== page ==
Just another day with a grid on the edge
It was only 200,000 “customers”, only for an hour or so in the middle of the night. But yet again the Great Green Experiment that is SA ran out of electricity. Olympic Dam (the largest uranium deposit in the world and fourth largest copper deposit) was not operating properly for four hours. A fault at the Victorian interconnector meant 220MW of load had to “shed” — a fancy term for throwing the switch so the whole system didn’t break. SA was “islanded” — cut off from the rest of the national grid for about 3 hours, and clearly it can’t make it on its own. Total power lost was about a fifth of the SA grid.
Remember, this has absolutely, definitely nothing to do with the last blackout or renewables says the SA Energy Minister:
Mr Koutsantonis said there was no way renewable energy generation in SA could be blamed for the loss of power.
Andrew Dillon from AusNet said the overnight outage had no link to factors that caused a recent state-wide blackout in SA, and this time was hindered by the timing of the maintenance work.
“There were some assets out of service for maintenance at that stage so unfortunately the fault couldn’t have come at a worse time,” he said.
If the interconnector had only broken during a windy, sunny day, it would have been fine, right? Just bad luck.
90% of SA windfarms were producing no electricity when the state needed it
TonyFromOz points out that wind farms were only generating at 6% of their rated capacity when the fault hit.
Wind power in South Australia was delivering 100MW of its (almost) 1600MW Nameplate, around 6.25% of total Capacity*. So, one turbine in every sixteen with it’s blades actually moving. Total Demand for South Australia at that time, even with almost everyone tucked up in bed asleep was 1150MW. Lucky this outage from Victoria (South Australia’s main electricity supplier) happened when it did, and not during the day with Total Demand up around 1500MW.
Energy Minister Tom Koutsantonis said the problems were on the Victorian side of the border and “South Australia’s grid operated effectively as an island and load began to be restored within half an hour”.
He said BHP built back-up power at its mines across the world.
“Why they haven’t done so at Olympic Dam is a matter for them,” he said.
The SA Government’s message to investors is pretty clear: don’t expect SA to provide reliable electricity.
BHP CEO Andrew Mackenzie issued an urgent warning to policy-makers after the latest incident, which comes two months after the statewide blackout led to about two weeks of lost production at Olympic Dam.
“Olympic Dam’s latest outage shows Australia’s investability and jobs are placed in peril by the failure of policy to both reduce emissions and secure affordable, dispatchable and uninterrupted power,” he said in a statement.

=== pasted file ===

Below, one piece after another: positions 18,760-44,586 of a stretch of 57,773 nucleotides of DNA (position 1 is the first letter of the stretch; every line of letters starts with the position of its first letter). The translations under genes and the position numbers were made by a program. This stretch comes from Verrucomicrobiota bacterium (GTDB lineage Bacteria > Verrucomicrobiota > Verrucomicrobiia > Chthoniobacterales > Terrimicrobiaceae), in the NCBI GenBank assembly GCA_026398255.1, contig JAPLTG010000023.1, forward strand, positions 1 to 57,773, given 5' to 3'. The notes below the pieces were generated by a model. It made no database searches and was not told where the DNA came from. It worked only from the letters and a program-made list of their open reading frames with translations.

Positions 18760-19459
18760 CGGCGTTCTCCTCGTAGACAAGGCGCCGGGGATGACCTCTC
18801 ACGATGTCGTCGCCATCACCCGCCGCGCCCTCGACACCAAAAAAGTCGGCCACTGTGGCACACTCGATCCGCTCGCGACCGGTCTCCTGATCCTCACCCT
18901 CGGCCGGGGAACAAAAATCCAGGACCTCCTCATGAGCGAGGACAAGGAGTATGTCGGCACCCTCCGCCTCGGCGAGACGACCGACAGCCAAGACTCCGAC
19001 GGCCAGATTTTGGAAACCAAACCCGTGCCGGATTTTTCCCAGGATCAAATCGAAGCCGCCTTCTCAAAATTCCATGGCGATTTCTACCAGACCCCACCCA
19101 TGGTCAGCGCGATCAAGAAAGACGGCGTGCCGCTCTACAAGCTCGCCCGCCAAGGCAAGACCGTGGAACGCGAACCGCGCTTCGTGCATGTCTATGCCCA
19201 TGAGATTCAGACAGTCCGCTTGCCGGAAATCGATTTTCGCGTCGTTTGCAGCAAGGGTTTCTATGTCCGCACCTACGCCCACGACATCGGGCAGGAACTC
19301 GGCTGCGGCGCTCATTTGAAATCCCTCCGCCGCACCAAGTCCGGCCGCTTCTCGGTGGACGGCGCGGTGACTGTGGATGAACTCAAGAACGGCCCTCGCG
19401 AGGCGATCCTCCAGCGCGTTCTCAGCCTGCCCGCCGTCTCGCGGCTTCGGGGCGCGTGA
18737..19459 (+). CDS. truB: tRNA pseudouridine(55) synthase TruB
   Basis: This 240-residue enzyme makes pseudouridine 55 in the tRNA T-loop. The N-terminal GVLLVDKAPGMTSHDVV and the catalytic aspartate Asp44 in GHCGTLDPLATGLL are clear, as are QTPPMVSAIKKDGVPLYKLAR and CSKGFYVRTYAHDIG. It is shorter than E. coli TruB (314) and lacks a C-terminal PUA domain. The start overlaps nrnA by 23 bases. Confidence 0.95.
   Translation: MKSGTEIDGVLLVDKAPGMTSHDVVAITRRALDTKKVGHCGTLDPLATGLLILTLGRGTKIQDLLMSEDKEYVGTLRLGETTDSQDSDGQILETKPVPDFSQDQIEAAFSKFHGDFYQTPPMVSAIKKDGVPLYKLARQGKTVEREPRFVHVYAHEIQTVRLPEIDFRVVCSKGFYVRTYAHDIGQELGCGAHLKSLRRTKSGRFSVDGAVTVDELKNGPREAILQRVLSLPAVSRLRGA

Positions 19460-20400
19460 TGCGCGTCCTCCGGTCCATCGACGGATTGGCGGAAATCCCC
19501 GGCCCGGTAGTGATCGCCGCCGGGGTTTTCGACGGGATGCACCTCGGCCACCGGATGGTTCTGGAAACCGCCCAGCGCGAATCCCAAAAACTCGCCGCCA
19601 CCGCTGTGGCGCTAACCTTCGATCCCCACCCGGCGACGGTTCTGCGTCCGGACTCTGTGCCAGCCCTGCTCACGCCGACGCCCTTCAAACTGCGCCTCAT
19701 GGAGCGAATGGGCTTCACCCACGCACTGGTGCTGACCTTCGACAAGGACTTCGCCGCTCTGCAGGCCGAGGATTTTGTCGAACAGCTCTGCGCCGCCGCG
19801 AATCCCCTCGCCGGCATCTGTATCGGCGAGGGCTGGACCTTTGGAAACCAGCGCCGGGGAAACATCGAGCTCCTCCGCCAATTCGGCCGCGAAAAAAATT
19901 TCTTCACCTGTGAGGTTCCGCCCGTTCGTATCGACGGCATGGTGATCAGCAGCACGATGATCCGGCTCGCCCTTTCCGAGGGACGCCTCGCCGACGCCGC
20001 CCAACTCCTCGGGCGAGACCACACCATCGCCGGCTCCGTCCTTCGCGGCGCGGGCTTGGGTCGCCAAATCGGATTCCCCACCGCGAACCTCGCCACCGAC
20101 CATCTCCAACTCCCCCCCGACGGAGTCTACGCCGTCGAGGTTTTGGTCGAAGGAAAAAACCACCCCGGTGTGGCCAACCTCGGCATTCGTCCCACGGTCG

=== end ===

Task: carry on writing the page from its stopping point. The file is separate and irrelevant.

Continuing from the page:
“The challenge to reduce emissions and grow the economy cannot fall to renewables alone.
“This is a wake-up call ahead of the COAG meeting and power supply and security must be top of the agenda and urgently addressed.”
The incident also cut power to a Victorian smelter for about three hours.
If BHP wanted to make a coal fired ultra super critical plant nearby, it could probably sell electricity to South Australians at half what they currently pay, still make a profit, cut emissions (not that that matters) and have its own guaranteed supply. But the SA government won’t let it do that. If SA Customers want to buy that cheap electricity, the SA government won’t let them.
The only thing standing in the way of cheap, reliable electricity is the SA Government.
A South Australian glassblowing business says this will cost him about $10,000 to replace equipment broken by the blackout:
“Back in September we had 14 hours of outage. It did a lot of damage to my equipment,” Mr Vereker said.
“Now I had the same thing again last night and while we were back on in a few hours, that few hours of downtime does irreplaceable damage to our furnaces and to our production. Mr Vereker said it was the busiest time of year but he had to send three of his six staff home. He was concerned there might be more damaging blackouts during summer.
“I’d be out of business in six months time…”
We are so “looking forward” to when Victoria shuts the Hazelwood coal plant next April:
“Victoria’s outage put the Alcoa smelter near Portland offline for just over three hours, authorities said.”
Did that spot price hit $13,533 MW/hr from 1.30 – 2am last night? Apparently so. Source AEMO site.
The SA partial blackout happened at 1.16am AEDT (which means at 12:45am in SA).
h/t David B, redress, TonyfromOz.
* UPDATE: I had doubts about the 6% figure but Tony was right. The wind power across the whole eastern grid was working at 10-12% at the time. In SA it was a pathetic 6%.